It's Who You Are, Not What You Do

August 1st, 2009
This article is featured in the Leadership Development (Aug/Sept/Oct 2009) issue of Circuit Rider

Every time you turn around, there is a new book or another seminar about leadership. Many of these books and seminars are very good and offer much wisdom and guidance. At other times, however, what is offered focuses on what to do, as if “doing” the stated things would naturally result in leadership being attained.

My contention, however, is that leadership begins and ends not simply with doing the right things, but with who who we are as leaders.

Over the years, I've learned (the hard way) some key elements to leadership by self-definition. And, believe it or not, they have proven themselves time and again. I share some of them below in hopes that others will find them helpful as well.

1) Leaders must possess a higher tolerance for pain than those being led. Leadership is not a pain-free undertaking. Going into it with such knowledge might make it easier, but certainly not painless. When the going gets rough, the leader must stand firm, even in the face of opposition. How I respond to the anxiety and chaos around me will, in large part, determine how others in the organization respond. If I react in anger or fear to someone's subversive act, chances are good that others will react in the same way, causing the anxiety to rise even more. But if I respond to that same act of subversion with calm determination, others will tend to respond in kind, knowing that the leadership is unperturbed by anxiety.

Peace and progress are incompatible. Don't think so? The next time you want to change something in your life or work, take an honest assessment of others' opinions. If everyone supports the idea of a particular change, chances are it's not real change, just rearranging the furniture. If you want to make progress, you can bet on there being some painful conflicts and controversies. It is here that the leader must be able to tolerate the pain better than those being led. She must not give in to the temptation to “go back to Egypt.” He must remain strong in his stance to lead onward and upward in spite of the pain.

2) Leaders must be flexible and adaptable to an ever-changing environment filled with variables. It is not “survival of the fittest,” but survival of the most adaptable. Leadership is not about who is stronger or who can out-last the other when anxiety arises. Leadership that is stubborn and unmoving only causes more anxiety in the system, which, in turn, results in more entrenched destructive behavior in others.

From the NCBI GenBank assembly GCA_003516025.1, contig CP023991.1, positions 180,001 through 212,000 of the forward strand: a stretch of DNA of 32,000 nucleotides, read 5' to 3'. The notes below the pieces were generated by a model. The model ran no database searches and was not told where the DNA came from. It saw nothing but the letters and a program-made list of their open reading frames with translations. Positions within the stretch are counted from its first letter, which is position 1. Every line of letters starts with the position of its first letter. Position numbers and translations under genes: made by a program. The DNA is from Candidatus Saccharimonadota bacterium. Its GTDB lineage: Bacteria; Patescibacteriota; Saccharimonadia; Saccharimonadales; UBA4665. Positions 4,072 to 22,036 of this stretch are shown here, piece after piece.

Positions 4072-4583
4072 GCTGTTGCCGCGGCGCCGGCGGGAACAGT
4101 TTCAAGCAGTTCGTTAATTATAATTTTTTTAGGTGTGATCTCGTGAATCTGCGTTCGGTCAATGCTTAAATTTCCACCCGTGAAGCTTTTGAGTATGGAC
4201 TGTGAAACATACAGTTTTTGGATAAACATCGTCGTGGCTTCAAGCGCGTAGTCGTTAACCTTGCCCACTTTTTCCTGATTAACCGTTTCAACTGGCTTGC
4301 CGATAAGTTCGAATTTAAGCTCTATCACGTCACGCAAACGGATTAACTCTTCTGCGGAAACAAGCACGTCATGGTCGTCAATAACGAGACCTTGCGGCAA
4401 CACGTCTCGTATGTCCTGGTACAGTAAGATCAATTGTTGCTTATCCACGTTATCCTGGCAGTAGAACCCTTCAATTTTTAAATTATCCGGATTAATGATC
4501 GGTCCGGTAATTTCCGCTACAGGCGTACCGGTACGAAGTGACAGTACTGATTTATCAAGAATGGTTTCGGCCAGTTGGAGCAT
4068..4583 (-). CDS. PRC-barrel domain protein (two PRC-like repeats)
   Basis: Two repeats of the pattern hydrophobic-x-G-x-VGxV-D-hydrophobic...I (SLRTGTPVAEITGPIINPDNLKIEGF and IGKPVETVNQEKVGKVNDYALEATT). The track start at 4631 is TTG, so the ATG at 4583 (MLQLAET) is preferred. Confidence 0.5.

3) Leaders promote change not by their own will, but by their presence. The sooner leaders accept the fact that they cannot will change, the better. In fact, the more we try to make people change—or accept a change—the more they will resist and revert to old behaviors. The key is to live the change being introduced. That is to say, the more the leader believes in and confidently acts on a suggested change, the more likely the change will come about more smoothly. Granted, there are always some people who will resist any change, embracing instead the seven deadly words of the church: We've never done it that way before. Trying to will those resisters to accept the change will only engrain their resistance more deeply.

4) Leaders put on their own oxygen masks first. Often, the first reaction to a crisis is to reach out to others…to relieve their pain or to assist them. When flying, the cabin crew reminds fliers that, should an emergency occur, the oxygen masks will drop from overhead and that we should put our own masks on first before we help anyone around us who may need assistance. Why? Because if we don't make sure our own needs are sufficiently addressed in a crisis, we won't be much good at making sure others' needs are addressed. In fact, we may do more harm than good. It is best to make sure that in moments of crisis we are grounded, calm and clear-headed before we respond. Otherwise, more damage than good can be done in leading forward.

No system will ever be healthier than its head. It does not matter what the “system” is—family, church, business—if the head or leader is not healthy, the whole system fails. We have seen this time and time again in companies such as Enron, AIG, and even churches. The leaders were not healthy and the whole system suffered or even failed completely.

This is uncomfortable for me because it forces me to accept the fact that if the system I'm leading is not growing or progressing or meeting its vision and goals it may be the result of my own weaknesses or stubbornness.

This lesson means that I, as a leader, must constantly be on my toes, staying in touch with God and keeping my spirit in top-notch shape so that when crisis or anxiety arises I will be better prepared to face it in a non-anxious way and thereby lead others through it. In other words, I don't need to put my own oxygen mask on first when crisis comes; I need to keep the mask on at all times!

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